Limiting our CO2 emissions
I am writing this on ‘Global Climate Strike day’ - did any of our readers get involved, too? This day was all about reducing CO2 in the atmosphere and to confront the growing climate crisis we face and to help secure a better future for all of us...
So, here are some things we can do ourselves to limit our CO2 emissions:
- Drive less and/or fly less: have a ‘staycation’. Britain has got some really lovely places to visit too!
- Buy less: before buying something new, consider whether the old one is really broken and/or if it really needs replaced ‘new’.
- Also; ‘best before’ dates on food products usually means they are still okay to consume, ‘use by dates’ are not.
- Grow some or most of your own vegetables and fruit: this way you get a free ‘work out’ and you are reducing mileage used to transport vegetables to your home. Or if you haven’t got a garden: only eat British grown fruit and veg; again less transport involved and a more varied diet throughout the year.
- Plant a native tree in your garden: for a large garden, choose oak, ash or rowan. Or for a small garden choose alder, bird cherry or holly. And enjoy the many species of birds that will pay you a ‘flying’ visit!
- Eat less meat, no meat or only ‘wild’ meat: It takes many kilograms of grain to feed every 1kg of cow and these guys are big! These grains could be used to feed us too. Besides this, a cow emits CO2 and methane (from you know what and where), whereas plants absorb CO2.
As you know I have been growing my own vegetables and fruit for quite some time now. Some years ago a small plant grew beneath our birdfeeder from oats and wheat that had spilled out of it and fallen onto the ground (those birds are such messy eaters!). I collected the grains from that plant and re-sowed them. I did that for some years and now I can sow my own little bed of oats and wheat. The birds are happy too, of course, but now the birds have expanded their ‘home-grown’ seeds and sowed (dropped) rapeseeds from the bird feeder. I’ve let the plants grow again and they now are huge! I collected the rapeseeds in September and managed to fill a jar full to the brim (and still had some left over)! Busy bees these birds! Or busy birds these birds to be more exact!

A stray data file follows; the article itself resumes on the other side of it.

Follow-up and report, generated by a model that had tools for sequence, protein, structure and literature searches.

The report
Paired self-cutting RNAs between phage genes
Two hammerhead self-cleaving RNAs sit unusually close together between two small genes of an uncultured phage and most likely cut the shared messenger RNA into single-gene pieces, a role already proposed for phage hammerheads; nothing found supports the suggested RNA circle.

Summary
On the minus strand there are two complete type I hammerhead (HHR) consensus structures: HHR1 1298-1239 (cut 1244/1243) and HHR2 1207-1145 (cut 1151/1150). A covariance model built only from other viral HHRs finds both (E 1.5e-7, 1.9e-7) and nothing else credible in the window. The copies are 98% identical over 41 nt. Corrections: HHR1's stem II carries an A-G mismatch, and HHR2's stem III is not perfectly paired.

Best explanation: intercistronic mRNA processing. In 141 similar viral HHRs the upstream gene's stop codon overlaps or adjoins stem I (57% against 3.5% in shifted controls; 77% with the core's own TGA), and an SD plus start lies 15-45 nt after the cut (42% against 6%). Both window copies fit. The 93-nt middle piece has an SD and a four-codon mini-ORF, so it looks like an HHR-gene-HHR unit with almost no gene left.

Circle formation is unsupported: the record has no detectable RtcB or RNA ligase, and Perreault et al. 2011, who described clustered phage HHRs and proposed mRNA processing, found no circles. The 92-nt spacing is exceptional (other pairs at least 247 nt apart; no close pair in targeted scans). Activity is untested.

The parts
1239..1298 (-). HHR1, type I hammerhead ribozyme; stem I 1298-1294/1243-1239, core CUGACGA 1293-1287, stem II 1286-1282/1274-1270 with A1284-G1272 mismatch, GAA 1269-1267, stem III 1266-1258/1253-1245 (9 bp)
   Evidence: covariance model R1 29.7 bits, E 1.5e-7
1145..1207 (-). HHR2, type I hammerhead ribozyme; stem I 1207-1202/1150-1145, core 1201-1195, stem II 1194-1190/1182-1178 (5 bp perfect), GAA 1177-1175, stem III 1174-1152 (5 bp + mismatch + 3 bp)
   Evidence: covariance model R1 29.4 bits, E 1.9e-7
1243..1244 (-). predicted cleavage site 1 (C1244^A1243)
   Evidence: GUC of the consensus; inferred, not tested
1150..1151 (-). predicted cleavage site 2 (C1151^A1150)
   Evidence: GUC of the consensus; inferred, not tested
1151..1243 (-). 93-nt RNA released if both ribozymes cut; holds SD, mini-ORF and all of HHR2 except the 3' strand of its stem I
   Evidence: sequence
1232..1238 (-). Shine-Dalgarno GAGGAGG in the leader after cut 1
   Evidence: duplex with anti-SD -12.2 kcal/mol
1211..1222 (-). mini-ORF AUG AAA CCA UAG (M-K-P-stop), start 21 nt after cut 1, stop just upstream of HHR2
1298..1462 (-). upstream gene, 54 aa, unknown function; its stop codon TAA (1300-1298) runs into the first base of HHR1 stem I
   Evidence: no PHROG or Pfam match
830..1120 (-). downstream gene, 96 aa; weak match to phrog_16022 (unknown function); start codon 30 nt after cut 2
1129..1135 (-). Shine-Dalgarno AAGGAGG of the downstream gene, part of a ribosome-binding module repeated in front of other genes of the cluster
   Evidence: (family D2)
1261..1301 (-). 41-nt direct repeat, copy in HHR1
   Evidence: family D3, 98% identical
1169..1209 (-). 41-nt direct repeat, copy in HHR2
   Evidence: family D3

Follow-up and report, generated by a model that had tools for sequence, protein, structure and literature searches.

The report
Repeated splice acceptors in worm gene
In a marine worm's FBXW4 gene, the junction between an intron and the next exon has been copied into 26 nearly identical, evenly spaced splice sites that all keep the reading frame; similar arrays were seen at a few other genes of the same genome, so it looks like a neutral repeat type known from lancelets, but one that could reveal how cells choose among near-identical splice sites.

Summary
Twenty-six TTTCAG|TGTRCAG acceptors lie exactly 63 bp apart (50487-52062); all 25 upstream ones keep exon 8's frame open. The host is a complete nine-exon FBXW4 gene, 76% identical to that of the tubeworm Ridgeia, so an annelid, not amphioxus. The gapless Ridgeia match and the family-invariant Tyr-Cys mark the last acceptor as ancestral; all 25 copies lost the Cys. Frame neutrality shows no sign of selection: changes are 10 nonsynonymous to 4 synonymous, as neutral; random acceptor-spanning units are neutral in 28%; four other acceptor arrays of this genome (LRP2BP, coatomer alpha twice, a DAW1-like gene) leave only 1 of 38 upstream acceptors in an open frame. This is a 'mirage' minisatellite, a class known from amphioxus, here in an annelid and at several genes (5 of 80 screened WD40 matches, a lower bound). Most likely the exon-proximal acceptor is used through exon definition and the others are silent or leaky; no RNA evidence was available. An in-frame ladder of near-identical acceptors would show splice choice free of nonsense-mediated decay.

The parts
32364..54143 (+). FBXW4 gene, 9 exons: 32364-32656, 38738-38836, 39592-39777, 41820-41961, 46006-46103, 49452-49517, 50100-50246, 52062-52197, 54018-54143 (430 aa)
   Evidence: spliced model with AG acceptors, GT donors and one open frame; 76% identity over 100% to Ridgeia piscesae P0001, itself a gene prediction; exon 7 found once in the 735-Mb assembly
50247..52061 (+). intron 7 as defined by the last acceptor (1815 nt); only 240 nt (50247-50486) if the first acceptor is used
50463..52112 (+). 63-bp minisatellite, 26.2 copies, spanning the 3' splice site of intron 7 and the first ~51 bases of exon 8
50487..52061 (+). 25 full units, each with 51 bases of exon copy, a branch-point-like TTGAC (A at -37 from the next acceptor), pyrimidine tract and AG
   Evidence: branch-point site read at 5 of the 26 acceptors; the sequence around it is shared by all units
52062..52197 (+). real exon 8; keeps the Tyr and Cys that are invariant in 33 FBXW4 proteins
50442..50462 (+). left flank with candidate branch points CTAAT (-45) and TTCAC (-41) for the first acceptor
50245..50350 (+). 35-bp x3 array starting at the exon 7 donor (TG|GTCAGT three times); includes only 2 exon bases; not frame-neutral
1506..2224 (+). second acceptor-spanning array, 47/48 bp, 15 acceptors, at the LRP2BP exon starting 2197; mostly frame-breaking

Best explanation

The birds aren’t the only creatures that have been busy this month. So have the spiders in our greenhouse! It’s no secret I’m not too keen on spiders (bit of an understatement there!) and the greenhouse at this time of year is a hotspot for the larger sized ‘eight legged freaks’. I asked my husband to kindly ask them to leave while I waited outside, whimpering. We are now the not-so-proud owners of ‘Roxy’ the spider, ‘Harriet’ the spider, ‘Shelob’ the spider and ‘Rana the spider. We named them after our neighbours’ dogs, in order of size, from smallest to largest. Well, except Shelob who is named after the giant spider from ‘Lord of the Rings’).
Poor old Punky! Our neighbours’ new chickens seem to have completely taken over the place and banished our lot far from the house. At long last Punky has stopped feeling broody, but when she came off her nest, she was missing her 2 pals, Caramello and Tufty, who were hiding from our neighbours’ bullying hens. Now she’s too scared to come out of the run. I think she has been picked on one too many times by the neighbours’ chickens and doesn’t quite know what to do about it. Some days she even goes to bed by 3 o’clock in the afternoon! I feel sorry for her because she is all alone in the run, on the plus side it does mean she has access to all the food available and gets extra titbits too, so every cloud and all that. I guess Punky the Punkster is the new star of the newsletter, albeit a completely different one from ‘The Hooligan’ aka the most famous chicken in Stirling. Remember her?
One thing I’m going to try not to do next year is complain about my vegetables not growing before the end of October, because despite the very slow start, everything is now catching up... big time! I honestly thought I wasn’t going to get any cucumbers this year, but the 4 plants are now producing lots of fruit and I’ve been busy pickling them. Also the runner beans I wrote about some months ago are finally growing, nothing like the 6 kg we had last year, but we’ll probably end up with enough for a couple of meals! And the courgettes... they are massive! Sadly, we also had potato blight in one of our potato crops, this is the first time this has ever happened and we are gutted! We are so remote, we are generally safe from blight, but apparently this year it managed to track us down! So, I have boiled, mashed and frozen the tatties which were affected and JP, my hubby, boiled, cut chips and froze them.
The growing season will all end soon and by the time this newsletter goes out I’ll probably have harvested the last of the courgettes and runner beans. Never mind though, because I still have some carrots and parsnips in the ground, waiting to be picked!